It's MORNING EDITION, from NPR News. Good morning, I'm Steve Inskeep.

LINDA WERTHEIMER, HOST:

And I'm Linda Wertheimer. In Egypt, a much anticipated speech by the top military ruler failed to address the demands of a growing number of protestors around the country.

HUSSEIN TANTAWI: (Foreign language spoken)

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NPR Story
3:00 am
Wed November 23, 2011

13 More Students Charged In SAT Cheating Scandal

Originally published on Wed November 23, 2011 4:31 am

Transcript

LINDA WERTHEIMER, HOST:

On Long Island in New York, a high school cheating scandal is widening. The local district attorney says 13 additional people now face charges for trying to cheat on college entrance exams. More from NPR's Larry Abramson.

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NPR Story
3:00 am
Wed November 23, 2011

Business News

The Fed wants to ensure the country's largest banks are prepared to weather another recession. The move comes as the debt crisis in Europe threatens to destabilize global markets. Banks will be required to show they have enough capital to continue lending money under severe economic conditions.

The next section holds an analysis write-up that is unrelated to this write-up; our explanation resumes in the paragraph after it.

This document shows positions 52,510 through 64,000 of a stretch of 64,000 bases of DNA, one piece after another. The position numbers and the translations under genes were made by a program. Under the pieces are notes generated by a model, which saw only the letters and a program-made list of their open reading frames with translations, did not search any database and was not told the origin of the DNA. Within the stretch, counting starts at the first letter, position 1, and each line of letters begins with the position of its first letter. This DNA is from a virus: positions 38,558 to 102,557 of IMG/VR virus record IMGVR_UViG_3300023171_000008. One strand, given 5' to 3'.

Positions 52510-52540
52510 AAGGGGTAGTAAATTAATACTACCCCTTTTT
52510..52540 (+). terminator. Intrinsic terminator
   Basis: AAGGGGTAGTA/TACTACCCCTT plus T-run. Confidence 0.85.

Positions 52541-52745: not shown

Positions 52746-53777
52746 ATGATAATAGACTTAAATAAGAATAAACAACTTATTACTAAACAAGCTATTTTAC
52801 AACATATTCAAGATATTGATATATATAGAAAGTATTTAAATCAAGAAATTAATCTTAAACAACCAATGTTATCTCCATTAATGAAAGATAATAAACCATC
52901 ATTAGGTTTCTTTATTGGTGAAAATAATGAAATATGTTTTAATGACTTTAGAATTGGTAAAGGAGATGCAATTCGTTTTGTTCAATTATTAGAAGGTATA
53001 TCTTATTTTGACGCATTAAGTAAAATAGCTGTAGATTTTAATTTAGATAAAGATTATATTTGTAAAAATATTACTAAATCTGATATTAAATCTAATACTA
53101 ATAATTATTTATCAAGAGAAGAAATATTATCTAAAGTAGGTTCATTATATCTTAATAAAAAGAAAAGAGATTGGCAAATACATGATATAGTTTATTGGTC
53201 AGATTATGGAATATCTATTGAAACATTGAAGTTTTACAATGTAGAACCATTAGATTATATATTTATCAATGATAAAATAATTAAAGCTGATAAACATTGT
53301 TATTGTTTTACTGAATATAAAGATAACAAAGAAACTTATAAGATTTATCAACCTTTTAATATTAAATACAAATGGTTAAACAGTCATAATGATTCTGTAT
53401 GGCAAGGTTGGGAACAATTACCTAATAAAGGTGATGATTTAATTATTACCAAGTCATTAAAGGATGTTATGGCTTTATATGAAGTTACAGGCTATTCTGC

Business
3:00 am
Wed November 23, 2011

Merck To Settle Charges Vioxx Was Improperly Promoted

Originally published on Wed November 23, 2011 3:56 am

Transcript

LINDA WERTHEIMER, HOST:

The pharmaceutical company Merck has agreed to pay nearly a billion dollars to settle charges that it illegally marketed its painkiller, Vioxx. The drug was taken off the market in 2004 after questions were raised about its safety. NPR's Jim Zarroli reports.